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Ten Pieces - Connect It
In the Alps there is a tradition of adding 'body music' to a dance.

Ten Pieces - Connect It

Which is your favourite of the BBC Ten Pieces? We have a KS2 Music quiz on each of the ten composers, along with a quiz on the specific pieces too! This one is about Connect It by the modern Scottish composer, Anna Meredith.

Anna Meredith's Connect It breaks new ground in music-making. It uses the human body as a percussion instrument, and a host of rhythmic movements and sounds pass from one performer to another. The effect is known as a canon. This is when two or more instruments or voices make the same music, but begin at staggered times - you may have sung a canon piece at school, perhaps London's Burning.

Meredith is not the first composer to have tried different techniques in her work. Let's look at her piece in itself, and in the context of some others!

Music without instruments (or conventional singing voices) may seem an impossibility; but which of the following have been offered to the musical public in earlier generations?
Mendelssohn's Songs without Words ['how come?]
Bartok's Concerto for Orchestra ['wot, no soloist?']
Satie's Three Pieces in the form of a Pear ['what does a pear sound liike?']
All of these
The Mendelssohn pieces consist of the pianist accompanying himself or herself while also playing tunes of a song-like character; Bartok gives different passages to each member of the orchestra to feature, with no overall soloist; Satie was making fun of pompous musical titles (like 'Prelude in the Form of a Minuet', or whatever) and proposed some 'pear-shaped' pieces. There are other apparent but serious absurdities as you will see / hear ...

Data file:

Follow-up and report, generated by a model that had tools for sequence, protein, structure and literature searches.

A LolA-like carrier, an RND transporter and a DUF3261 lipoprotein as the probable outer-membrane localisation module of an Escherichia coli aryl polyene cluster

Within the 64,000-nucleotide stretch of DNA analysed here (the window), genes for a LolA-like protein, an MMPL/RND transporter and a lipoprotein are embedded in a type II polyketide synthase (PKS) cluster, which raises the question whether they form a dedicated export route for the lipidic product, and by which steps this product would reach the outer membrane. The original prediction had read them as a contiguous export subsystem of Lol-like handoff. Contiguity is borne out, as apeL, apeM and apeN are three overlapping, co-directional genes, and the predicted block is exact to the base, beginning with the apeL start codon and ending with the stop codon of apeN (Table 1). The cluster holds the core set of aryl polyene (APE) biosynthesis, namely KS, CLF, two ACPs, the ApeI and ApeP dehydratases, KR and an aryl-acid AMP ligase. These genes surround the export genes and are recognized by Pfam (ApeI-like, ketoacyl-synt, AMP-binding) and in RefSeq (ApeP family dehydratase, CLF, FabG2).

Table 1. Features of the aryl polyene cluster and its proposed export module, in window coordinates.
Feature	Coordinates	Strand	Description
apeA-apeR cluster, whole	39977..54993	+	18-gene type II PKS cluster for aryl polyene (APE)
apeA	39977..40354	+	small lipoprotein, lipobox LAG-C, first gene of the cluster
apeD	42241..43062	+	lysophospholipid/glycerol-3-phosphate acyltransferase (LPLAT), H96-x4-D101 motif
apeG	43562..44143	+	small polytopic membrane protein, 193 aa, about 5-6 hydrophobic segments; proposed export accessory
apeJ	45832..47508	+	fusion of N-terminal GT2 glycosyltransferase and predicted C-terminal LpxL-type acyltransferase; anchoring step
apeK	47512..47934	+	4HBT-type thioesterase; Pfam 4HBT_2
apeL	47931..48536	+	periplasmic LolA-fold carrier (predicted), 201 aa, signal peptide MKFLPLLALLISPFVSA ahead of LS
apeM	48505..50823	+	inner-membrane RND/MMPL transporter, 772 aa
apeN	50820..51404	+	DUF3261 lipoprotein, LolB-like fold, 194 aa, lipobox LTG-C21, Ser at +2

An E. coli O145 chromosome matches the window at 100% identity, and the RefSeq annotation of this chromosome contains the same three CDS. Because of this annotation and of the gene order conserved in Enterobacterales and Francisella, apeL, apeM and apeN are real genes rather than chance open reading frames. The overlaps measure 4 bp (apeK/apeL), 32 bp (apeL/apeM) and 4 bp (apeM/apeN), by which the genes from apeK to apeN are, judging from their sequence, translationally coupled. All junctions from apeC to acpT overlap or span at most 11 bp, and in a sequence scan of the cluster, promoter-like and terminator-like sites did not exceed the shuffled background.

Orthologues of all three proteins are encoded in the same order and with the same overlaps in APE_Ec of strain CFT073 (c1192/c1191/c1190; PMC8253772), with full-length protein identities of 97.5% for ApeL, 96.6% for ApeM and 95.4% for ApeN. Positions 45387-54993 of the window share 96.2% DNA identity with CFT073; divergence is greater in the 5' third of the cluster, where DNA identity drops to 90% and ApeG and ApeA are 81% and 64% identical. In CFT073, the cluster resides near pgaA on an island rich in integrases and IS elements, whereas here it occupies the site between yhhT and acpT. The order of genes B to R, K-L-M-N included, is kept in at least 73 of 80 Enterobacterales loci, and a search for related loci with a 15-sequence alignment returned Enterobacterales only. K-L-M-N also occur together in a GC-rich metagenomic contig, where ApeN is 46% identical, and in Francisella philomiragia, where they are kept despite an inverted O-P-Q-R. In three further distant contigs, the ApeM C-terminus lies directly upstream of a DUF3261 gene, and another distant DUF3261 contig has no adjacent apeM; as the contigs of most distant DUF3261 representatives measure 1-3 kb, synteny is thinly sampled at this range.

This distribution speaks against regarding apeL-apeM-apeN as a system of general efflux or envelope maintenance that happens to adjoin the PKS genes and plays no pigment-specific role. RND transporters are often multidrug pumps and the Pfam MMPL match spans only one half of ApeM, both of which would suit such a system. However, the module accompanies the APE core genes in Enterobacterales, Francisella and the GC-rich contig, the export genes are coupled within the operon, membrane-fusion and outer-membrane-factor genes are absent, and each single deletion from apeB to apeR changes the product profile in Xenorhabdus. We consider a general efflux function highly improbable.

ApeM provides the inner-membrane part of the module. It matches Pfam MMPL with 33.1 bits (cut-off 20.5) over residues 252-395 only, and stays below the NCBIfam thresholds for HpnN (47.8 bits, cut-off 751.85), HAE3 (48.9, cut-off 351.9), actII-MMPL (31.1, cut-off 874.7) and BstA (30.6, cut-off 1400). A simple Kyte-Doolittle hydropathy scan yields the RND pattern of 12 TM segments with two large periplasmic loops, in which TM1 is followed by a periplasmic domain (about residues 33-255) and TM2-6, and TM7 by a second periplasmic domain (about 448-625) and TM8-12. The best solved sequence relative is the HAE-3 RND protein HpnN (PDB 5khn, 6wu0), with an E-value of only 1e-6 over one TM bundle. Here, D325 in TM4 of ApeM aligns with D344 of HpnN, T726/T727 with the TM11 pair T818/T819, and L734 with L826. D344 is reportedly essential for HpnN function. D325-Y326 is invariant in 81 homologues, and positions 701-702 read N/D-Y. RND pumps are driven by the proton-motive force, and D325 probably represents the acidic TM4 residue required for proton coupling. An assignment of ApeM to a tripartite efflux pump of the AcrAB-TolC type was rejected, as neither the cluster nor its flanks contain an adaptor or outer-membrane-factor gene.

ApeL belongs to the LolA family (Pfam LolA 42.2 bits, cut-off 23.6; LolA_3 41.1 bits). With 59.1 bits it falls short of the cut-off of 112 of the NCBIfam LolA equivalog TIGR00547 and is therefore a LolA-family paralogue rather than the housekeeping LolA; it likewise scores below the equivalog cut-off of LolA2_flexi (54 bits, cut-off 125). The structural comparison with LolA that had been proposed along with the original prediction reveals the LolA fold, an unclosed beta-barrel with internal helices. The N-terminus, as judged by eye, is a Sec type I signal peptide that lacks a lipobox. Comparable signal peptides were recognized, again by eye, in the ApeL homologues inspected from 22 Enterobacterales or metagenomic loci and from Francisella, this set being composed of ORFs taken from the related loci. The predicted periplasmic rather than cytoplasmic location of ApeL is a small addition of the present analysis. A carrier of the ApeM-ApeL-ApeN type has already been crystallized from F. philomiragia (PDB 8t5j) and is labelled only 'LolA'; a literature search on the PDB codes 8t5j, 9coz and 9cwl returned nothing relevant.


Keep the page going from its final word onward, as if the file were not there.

Apart from the format of its title, what is remarkable about John Cage's work 4' 33"?
It consists entirely of silence
It can be performed without instruments
It can be performed by any number or configuration of musicians (choir, string quartet, symphony orchestra)
All of the above
The 'piece' dates from 1952, when music was in a jittery experimental phase (possibly partly from the exhaustion of World War 2 and its nervous aftermath of the Cold War, which threatened to become WW3). There is an out-of-print score (Peters Edition) in which each of the three movements is simply marked 'Tacet' ('no sound to be made'). It may be regarded as a famous example of 'conceptual art'. Wikipedia mentions Alphonse Allais' Funeral March ... for a Deaf Man (1897) consisting of 24 silent bars, among other works in this vein
Ernst Toch, in the 1920s, wrote a Geographical Fugue for 4 voices: what is musically surprising about that work?
It is silent
It uses spoken voices and actual words, in rhythm, but there is no demarcation of pitch (and hence no 'tune' dimension to the piece)
The singers have to be in different, acoustically remote locations to perform it (so they can't hear one another)
The precise locations of all the singers have to be established on a map
The piece follows all the usual formal requirements of a fugue (as developed by Bach and others: a more complex cousin to the canon), such as the repeats and interweaving of parts, but there is no given pitch for the syllables. Speed and volume are indicated, but no 'notes' as such in this 'spoken music'. The original was in German though the international placenames are clearly recognisable
In the Alps there is a tradition of adding 'body music' to a dance ~ not 'just' tap- or clog-dancing. What is this called?
Literally, this involves the slapping of the soles of the shoes. It now has followings further afield, including clubs in the USA apparently! Percussive techniques are not limited to striking or stamping the soles; slapping of the Lederhosen is another characteristic. The typical Schuhplattler is in steady 3-time as evolved from the Laendler ('country dance') (Ans.1) ~ which in more urban and urbane circumstances evolved into the waltz (as in Strauss's Vienna)